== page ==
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First CO2 rise in four years puts pressure on Paris targets

From BBC - November 13, 2017

Global emissions of CO2 in 2017 are projected to rise for the first time in four years, dashing hopes that a peak might soon be reached.

The main cause of the expected growth has been greater use of coal in China as its economy expanded.

Researchers are uncertain if the rise in emissions is a one-off or the start of a new period of CO2 build-up.

Scientists say that a global peak in CO2 before 2020 is needed to limit dangerous global warming this century.

The Global Carbon Project has been analysing and reporting on the scale of emissions of CO2 since 2006.

Carbon output has grown by about 3% per year in that period, but growth essentially declined or remained flat between 2014 and 2016.

The latest figures indicate that in 2017, emissions of CO2 from all human activities grew by about 2% globally.

There is some uncertainty about the data but the researchers involved have concluded that emissions are on the rise again.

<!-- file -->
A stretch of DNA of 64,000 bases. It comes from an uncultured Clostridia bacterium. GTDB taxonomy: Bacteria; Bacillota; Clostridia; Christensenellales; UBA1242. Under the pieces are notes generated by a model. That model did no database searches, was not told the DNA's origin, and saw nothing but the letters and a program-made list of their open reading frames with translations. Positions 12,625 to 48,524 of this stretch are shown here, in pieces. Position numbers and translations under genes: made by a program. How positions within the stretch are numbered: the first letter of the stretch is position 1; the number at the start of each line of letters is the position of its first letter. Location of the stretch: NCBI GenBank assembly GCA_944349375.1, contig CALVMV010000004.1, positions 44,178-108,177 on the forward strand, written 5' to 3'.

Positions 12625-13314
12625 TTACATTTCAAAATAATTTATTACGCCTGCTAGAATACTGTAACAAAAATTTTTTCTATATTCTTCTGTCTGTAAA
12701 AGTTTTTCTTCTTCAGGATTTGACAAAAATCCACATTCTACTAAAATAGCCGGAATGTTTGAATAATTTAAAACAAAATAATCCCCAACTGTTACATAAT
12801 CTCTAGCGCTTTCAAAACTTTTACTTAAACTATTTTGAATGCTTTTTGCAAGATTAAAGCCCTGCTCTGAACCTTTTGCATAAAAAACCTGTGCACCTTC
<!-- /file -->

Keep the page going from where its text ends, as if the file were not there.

"Global CO2 emissions appear to be going up strongly once again after a three-year stable period. This is very disappointing," said the lead author of the study, Prof Corinne Le Qur from the University of East Anglia.

"With global CO2 emissions from human activities estimated at 41 billion tonnes for 2017, time is running out on our ability to keep warming well below 2 degrees C, let alone 1.5C."

The most important element in causing this rise has been China, which is responsible for around 28% of the global total. Emissions there went up 3.5% in 2017, mainly because of increased coal use, driven in the main by a growing economy.

Another important factor in China has been lower water levels in rivers which have seen a drop in the amount of electricity made from hydro-power, with utilities turning to coal and gas to make up the shortfall.

US emissions have continued to decline but the fall has been less than expected. Higher prices saw a drop in the use of natural gas for electricity - with renewables and hydro-power picking up the slack.

Coal use has also grown slightly in the US this year, with consumption up about a half of one percent.

India's emissions are projected to grow by about 2%, which is a considerable decrease from around 6% per year over the last decade.

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